Hell hath no fury like a Minnesotan scorned.

I learned that the hard way this week after I published a map ranking America's counties by scenery and climate using data from the U.S. Department of Agriculture. The USDA's index of so-called natural amenities is weighted heavily toward physical characteristics -- mild, sunny winters, low humidity, topographic variety -- that the North Star State isn't exactly known for. So Minnesota came off looking not great, and the state's Red Lake County earned the absolute lowest score in the nation.

The reaction from outraged Minnesotans on social media came fast and furious. The story went up online Monday at 9:27 a.m. By 9:42, indignant Minnesotan Matt Privratsky launched the opening salvo of what would turn into a sustained assault on the index's methodology:

I was publicly shamed.

I was forced to Google "farkakte."

Soon, the denizens of self-proclaimed "Indignant Minnesota Twitter" started sending photos and testimonials to refute the notion that Minnesota is somehow lacking in beauty of natural amenities.

Some started a hashtag, #ShowMeYourUglyCounties, to showcase Minnesota's beauty.

A U.S. Senator from Minnesota joined the pile-on.

Now, here's the interesting part. Minnesota wasn't the only state that doesn't look great according to the USDA's natural amenities scale. Iowa and Delaware don't have any counties ranking at average beauty or above. A number of states -- North Dakota, Illinois, Indiana and Wisconsin among them -- have just one or two counties of at least average beauty.

But I didn't hear a single word of protest from folks in these states. No sarcastic Delaware hashtags. No photo tributes to the natural splendor of Indiana. No petitions from outraged North Dakotans. Only Minnesotans have taken a public stand to defend their state's honor. Why? I asked some of the folks I'd heard from what the deal was.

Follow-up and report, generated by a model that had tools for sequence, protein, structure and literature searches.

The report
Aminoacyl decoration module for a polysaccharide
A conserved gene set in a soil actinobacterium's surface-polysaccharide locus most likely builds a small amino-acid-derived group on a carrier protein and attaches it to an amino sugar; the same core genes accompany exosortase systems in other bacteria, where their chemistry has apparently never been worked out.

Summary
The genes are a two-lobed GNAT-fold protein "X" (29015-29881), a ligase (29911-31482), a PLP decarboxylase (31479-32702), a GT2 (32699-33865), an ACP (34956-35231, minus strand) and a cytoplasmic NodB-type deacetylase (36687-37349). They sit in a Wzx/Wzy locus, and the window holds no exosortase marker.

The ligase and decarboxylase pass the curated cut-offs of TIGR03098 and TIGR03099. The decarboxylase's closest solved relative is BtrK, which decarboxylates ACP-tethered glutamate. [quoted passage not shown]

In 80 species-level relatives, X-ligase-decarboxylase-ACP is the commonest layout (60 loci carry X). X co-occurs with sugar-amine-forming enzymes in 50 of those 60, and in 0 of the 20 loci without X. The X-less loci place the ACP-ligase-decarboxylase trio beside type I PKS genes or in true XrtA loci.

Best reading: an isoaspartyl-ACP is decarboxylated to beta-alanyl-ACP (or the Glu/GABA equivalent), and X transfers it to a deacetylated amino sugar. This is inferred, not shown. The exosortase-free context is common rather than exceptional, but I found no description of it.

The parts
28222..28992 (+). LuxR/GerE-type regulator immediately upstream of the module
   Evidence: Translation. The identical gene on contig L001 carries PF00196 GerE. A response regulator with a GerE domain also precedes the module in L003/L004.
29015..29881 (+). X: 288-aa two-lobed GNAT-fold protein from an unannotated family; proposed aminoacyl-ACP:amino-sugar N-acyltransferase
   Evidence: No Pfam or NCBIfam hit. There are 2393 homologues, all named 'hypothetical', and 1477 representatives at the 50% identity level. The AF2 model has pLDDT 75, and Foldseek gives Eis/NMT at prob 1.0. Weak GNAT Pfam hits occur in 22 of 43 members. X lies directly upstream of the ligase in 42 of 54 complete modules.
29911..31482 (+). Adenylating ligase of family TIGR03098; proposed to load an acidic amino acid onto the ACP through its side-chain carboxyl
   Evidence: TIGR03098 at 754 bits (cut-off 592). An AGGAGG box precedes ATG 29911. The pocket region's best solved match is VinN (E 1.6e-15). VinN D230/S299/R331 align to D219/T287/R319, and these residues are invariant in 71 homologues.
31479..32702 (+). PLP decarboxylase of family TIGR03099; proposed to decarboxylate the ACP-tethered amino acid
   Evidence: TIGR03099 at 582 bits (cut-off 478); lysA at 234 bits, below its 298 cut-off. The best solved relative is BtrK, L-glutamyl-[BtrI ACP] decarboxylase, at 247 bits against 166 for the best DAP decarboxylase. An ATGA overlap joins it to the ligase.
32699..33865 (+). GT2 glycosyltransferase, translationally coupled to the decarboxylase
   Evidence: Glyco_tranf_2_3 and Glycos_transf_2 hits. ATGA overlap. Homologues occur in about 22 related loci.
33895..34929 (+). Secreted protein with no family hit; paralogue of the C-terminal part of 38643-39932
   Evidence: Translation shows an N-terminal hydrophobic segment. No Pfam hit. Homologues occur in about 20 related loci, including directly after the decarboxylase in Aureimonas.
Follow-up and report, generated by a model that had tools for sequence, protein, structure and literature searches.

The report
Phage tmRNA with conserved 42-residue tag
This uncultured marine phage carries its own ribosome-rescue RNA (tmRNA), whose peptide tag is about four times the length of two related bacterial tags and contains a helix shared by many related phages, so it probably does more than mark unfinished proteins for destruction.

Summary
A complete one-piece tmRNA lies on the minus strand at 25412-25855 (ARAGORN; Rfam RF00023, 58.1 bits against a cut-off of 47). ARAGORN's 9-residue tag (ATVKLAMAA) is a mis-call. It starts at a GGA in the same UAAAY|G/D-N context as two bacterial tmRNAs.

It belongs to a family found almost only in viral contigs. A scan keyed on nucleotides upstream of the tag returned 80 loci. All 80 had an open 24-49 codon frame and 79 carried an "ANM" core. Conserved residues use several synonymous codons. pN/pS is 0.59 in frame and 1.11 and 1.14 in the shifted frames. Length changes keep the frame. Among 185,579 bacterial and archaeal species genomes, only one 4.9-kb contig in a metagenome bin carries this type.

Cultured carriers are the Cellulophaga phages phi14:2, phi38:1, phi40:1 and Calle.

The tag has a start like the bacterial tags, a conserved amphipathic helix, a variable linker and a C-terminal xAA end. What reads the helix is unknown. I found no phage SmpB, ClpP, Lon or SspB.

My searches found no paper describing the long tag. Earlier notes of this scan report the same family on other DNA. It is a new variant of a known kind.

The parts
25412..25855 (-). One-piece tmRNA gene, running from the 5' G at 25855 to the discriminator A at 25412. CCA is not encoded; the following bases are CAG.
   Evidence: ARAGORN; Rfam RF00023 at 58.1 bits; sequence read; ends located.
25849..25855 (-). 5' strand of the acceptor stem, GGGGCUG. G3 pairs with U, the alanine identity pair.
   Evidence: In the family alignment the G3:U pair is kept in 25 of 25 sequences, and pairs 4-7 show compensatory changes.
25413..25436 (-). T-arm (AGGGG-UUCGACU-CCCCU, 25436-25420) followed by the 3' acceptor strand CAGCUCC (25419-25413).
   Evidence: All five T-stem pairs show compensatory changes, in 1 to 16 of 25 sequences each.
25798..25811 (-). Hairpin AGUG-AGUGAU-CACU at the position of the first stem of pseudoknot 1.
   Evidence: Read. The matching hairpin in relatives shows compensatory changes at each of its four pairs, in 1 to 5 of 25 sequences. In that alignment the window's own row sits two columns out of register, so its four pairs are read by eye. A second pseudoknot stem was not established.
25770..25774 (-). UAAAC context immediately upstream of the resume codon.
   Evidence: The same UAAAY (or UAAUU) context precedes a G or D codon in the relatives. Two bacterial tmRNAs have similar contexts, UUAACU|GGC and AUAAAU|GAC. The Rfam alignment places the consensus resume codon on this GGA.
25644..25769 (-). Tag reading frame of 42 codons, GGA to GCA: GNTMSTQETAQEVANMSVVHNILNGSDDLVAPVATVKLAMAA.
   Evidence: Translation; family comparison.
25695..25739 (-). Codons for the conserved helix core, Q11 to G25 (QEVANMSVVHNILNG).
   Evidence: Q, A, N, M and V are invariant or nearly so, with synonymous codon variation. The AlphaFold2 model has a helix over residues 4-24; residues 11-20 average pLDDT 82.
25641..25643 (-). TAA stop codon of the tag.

Seems plausible enough. I reached out to Matt Privratsky, one of the original indignant Minnesotans, to see what he thought. Matt told me over e-mail that "Minnesota does have a truly unique landscape -- from the plains in the southwest up to the lakes and forests in central and northern Minnesota all the way up the iron range in the northeast." He added, "Minnesotans are known for being very humble and even reserved, but as this reaction shows we're also very proud of our state - especially when in competition with those around us." That much is clear.

Asked to expand upon his own tweet, Sen. Al Franken echoed some of those same themes. "The uproar against the Washington Post’s recent reporting is well-deserved,” he said in an e-mailed statement. "Minnesota is a beautiful state. Maybe even the most beautiful state — from the bluffs that surround Winona, to the Mighty Mississippi cutting through the Twin Cities, and all the way up to the rivers and lush greenery in the indisputably gorgeous Red Lake County. I humbly request that you correct the record."

Fair enough. So if Red Lake County isn't the least-beautiful place in the nation, what actually is? I posed this question to Privratsky. "I wouldn't be doing my job as a born and bred Minnesotan if I didn't tell people to avoid Wisconsin," he said.

Franken was more pointed in his response. "A survey taken in the Franken office determined that the least desirable place to live in the country is actually inside the Washington Post's headquarters," he said.

Touché, senator.